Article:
For the most part the Pacific War for the Japanese was highly successful. Their ambition to be masters of the Far East depended on their ability to obtain the raw materials Japan did not possess. They had been at war with China for years and were an experienced military force. The Allies did not appreciate Japan’s ability to invade so much territory so quickly and therefore were totally unprepared. This was a major reason for Japans success.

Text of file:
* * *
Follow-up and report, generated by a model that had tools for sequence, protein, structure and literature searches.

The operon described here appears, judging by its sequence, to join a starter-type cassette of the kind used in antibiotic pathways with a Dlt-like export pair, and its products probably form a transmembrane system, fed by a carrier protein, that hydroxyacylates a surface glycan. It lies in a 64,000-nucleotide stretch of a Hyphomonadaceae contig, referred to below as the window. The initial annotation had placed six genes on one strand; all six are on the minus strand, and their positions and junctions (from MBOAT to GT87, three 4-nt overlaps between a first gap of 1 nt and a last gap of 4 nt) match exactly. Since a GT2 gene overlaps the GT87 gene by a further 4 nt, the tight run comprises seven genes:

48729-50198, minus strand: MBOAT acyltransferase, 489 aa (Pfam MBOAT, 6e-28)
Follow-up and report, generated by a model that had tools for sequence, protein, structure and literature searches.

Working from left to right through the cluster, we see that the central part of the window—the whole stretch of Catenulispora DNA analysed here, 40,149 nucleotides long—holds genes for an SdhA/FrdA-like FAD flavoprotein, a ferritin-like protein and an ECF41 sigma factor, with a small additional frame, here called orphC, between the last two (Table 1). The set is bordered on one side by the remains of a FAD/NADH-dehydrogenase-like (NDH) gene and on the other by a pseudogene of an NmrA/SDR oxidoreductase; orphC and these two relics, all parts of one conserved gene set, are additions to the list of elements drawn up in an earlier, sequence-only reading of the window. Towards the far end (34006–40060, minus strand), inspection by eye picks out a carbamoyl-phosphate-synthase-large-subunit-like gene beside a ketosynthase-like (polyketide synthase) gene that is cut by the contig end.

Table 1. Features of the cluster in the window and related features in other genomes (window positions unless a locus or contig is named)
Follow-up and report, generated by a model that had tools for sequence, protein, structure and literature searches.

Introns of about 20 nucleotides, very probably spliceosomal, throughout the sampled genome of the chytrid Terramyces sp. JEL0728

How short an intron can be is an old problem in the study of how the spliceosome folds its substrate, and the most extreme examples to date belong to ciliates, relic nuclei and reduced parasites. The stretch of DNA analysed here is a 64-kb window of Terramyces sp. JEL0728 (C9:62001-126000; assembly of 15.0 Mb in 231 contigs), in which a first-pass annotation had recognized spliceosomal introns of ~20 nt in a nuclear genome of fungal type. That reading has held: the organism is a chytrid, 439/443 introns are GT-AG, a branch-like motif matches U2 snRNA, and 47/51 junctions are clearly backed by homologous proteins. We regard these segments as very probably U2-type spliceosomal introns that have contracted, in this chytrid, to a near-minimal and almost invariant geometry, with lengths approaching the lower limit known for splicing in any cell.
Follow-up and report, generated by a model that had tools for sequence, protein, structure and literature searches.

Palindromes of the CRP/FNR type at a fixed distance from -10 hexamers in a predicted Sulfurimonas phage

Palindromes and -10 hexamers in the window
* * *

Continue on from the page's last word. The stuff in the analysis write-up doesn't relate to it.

On the 4th March 1942 the Imperial Japanese Navy launched Operation “K” on a reconnaissance mission to Pearl Harbour. Two Kawanishi HK8 “Emily” flying boats flew from the Marshall Islands. Their mission was to assess the damage and the American repairs to the dock area. The flying boats had been loaded with four 500 lb (250 kg) bombs and landed at the French Frigate Shoals to refuel. In addition to their reconnaissance mission the Japanese pilots were to bomb the “Ten-Ten” dock to disrupt salvage and repair efforts. The dock was named for its 1,010 ft. (310 m) length. American radar stations picked up and tracked the two planes but thick cloud over Pearl Harbour prevented the defenders spotting the Japanese aircraft. American Curtiss P-40 fighters and Catalina flying boats were despatched to search for the assumed Japanese aircraft carriers. The same clouds confused the Japanese pilots who lost contact in the clouds and were separated. The Japanese leading pilot, Hisao Hashizume was only able to see small patches of the island. He dropped his bombs on the slopes of the extinct volcano on Tantulus Peak assuming it to be Pearl Harbour. The second Japanese aircraft was flown by Ensign Shosuke Sasao appears to have dropped his bombs into the ocean. Both Japanese aircraft returned on the long journey back to base. There were no American casualties but the raid raised the fears of a potential Japanese invasion of Hawaii. Operation “K” was only partially successful for the Japanese as they bombed Hawaii but they did not obtain the information regarding Pearl Harbour they were seeking.